To hear Keyana, real name Melanie Sum Kasise, tell it, the story of how she got her start in the modelling industry involved a lot of convincing. “My mum was the one that pushed me into going on shoots as a child, trying modelling, going on cute little runways,” she says, her expressive eyes crinkling with amusement at the memory. This eventually led the precocious teenager to the catwalk of The New Paper New Face competition in 2017, where she clinched second runner-up. “She dragged me out of bed on Saturday morning to go for the audition and I was like, I don’t want to do this; I was complaining throughout the audition,” she says as she cracks up with laughter.
Half-Chinese, half-Ghanaian, the spritely 17-year-old is at our Syed Alwi Road office for her interview before a full-day shoot at Upper Seletar Reservoir. Dressed simply in a camel knit top, track pants and sneakers, she is preternaturally self-assured and thoughtful when giving her responses; her personality shining through in bursts as she talks about the influences and choices that have moulded her into the performer that she is today.
One of these influences, Keyana admits, is dance. An avid dancer versed in several genres, she is grateful of the values that she has learnt through the craft. Dance was also her escape from the occasional bullying that she faced in her school-going years, when she was called names because of the way she looked. “As a teenager, dancing was the only thing that helped me and disciplined me a lot,” she says. “As I grew up, the discipline that I learnt through dance culture has stayed with me.”
She has put this discipline to good use in the pursuit of her music career. In June 2020, Keyana put forward her first single, ‘Save It’, an R&B track produced by one of Singapore’s top hip-hop producers, Flightsch. “It’s a song about heartbreak, getting through it, and becoming a stronger person and woman,” says the singer. “My thought process behind it was really simple: I wanted to convey how I felt at that point in time in the cleanest and easiest way possible for people to remember.”
The hallmark of any great artist is being able to turn personal experiences into something that others can relate to, and Keyana managed to find her medium through song. “I want people to remember it, to listen to it and feel comforted by it,” she explains. “That’s my direction when it comes to any song—from ‘Save It’ to the song that I’m about to release. It’s about taking something away [by listening to] it.”
By the time this issue hits newsstands, Keyana’s new single, ‘Scorpio’, would have been released. It’s a darker romp than her previous single. Having had it in the vault for a while now, she says, there’s no better time than the present for her to unveil it now that she’s older and more mature. “All my music encapsulates that period of time that I’m in,” she says. “I’m basically encapsulating how I feel now, and my personal experiences now, and translating it to the world.” So, what hints can she give us of the new track? “It’s a lot more R&B, it’s a lot darker, it’s a lot more intense,” she says, not wanting to reveal the surprise. “It’s one notch higher.”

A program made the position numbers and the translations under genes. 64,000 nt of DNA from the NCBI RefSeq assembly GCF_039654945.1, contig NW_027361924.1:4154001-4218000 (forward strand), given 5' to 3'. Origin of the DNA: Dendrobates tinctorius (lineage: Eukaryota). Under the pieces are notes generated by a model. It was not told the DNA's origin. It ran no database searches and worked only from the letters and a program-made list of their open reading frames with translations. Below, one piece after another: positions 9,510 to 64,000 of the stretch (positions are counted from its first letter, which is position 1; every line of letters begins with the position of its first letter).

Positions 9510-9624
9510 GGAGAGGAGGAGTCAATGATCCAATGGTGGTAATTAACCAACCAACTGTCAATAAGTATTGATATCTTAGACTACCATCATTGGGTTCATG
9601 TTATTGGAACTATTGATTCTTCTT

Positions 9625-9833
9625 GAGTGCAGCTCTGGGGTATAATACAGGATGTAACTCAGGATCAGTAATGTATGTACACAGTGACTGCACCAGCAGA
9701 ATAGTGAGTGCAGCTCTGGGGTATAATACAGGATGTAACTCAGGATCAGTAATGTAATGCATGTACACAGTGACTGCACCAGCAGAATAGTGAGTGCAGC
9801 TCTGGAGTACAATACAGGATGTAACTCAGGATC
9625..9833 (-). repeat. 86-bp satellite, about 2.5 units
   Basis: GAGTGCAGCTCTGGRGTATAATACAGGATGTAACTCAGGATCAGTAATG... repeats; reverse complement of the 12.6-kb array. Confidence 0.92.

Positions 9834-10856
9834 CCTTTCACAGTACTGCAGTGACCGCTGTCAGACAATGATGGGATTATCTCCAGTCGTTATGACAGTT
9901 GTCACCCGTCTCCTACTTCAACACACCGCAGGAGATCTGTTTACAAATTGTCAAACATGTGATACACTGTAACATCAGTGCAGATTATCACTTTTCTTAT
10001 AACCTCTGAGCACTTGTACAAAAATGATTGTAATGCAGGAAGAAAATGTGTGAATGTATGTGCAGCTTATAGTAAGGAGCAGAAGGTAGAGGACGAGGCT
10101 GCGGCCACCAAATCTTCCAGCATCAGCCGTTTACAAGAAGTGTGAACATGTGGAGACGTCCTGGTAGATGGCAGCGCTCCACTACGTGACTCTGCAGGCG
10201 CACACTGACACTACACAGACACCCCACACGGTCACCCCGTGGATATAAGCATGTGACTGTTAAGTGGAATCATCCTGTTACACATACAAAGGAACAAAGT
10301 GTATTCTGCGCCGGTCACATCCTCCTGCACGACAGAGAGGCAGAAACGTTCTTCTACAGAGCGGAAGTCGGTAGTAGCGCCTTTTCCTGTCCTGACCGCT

“You’ve got to pour your heart and soul into it. If not, it just wouldn’t be you and you wouldn’t feel proud of your craft at the end of the day”
On the topic of her music, we turn to her influences and inspirations. Growing up in a multiracial family, she says that the genres she was exposed to were varied, but Mandopop was a constant fixture in the house. “My family was huge on Mandopop—Jay Chou, JJ Lin—it was on daily. From that, I grew my love of ballads,” she recounts enthusiastically.
So why hasn’t she released a ballad for her repertoire, I ask curiously. “I haven’t made one myself because that is very scary to me,” she laughs.“Ballads are huge and big. You want it to be perfect, you want to hone your craft till you can do that.”
Another musical influence comes from her Ghanaian side: African music, Afro pop, reggae and dancehall play a big part in shaping her music today. “There’s just that kind of groovy, undeniably hot beat. Yeah, I’ve got my love for that,” she says. In a way, Singapore is a perfect metaphor for her music: a melting pot of influences that comes together to create something that is undeniably unique.
Coming of age in Southeast Asia has also opened her eyes—and ears—to musicians within the region, among them, Singapore’s Yung Raja, Abang Sapau and Alyph as well as French-Malaysian singer-songwriter SonaOne. As luck would have it, the latter is working on Keyana’s new EP, slated for a 2021 release. “I’ve listened to his music since I started listening to Southeast Asian artists,” she gushes. “I’m very glad to be working with him right now.”
Making it as a performing artist is hard, but, as they say, when there’s a will, there’s a way. At the end of the day, all Keyana wants to do is present the most genuine version of herself to the world through her music. As we come to the end of our interview, she tells us a piece of advice that a family friend told her when she joined the industry, something that has stuck with her till today.
“He told me to make sure that I stay true to myself at all times, doing whatever I do. Because I am a beautiful person inside and out, and I need to remember it, and translate that in anything I do,” she says. “And everything that you do, you’ve got to pour your heart and soul into it. If not, it just wouldn’t be you and you wouldn’t feel proud of your craft at the end of the day.”
Photographer: Shawn Paul Tan
Fashion: Daryll Alexius Yeo
Hair: Ken Hong/Evolve Salon
Make-up: Greg’O using Make Up For Ever
Photography assistant: Melvin Leong
Fashion assistant: Low Rin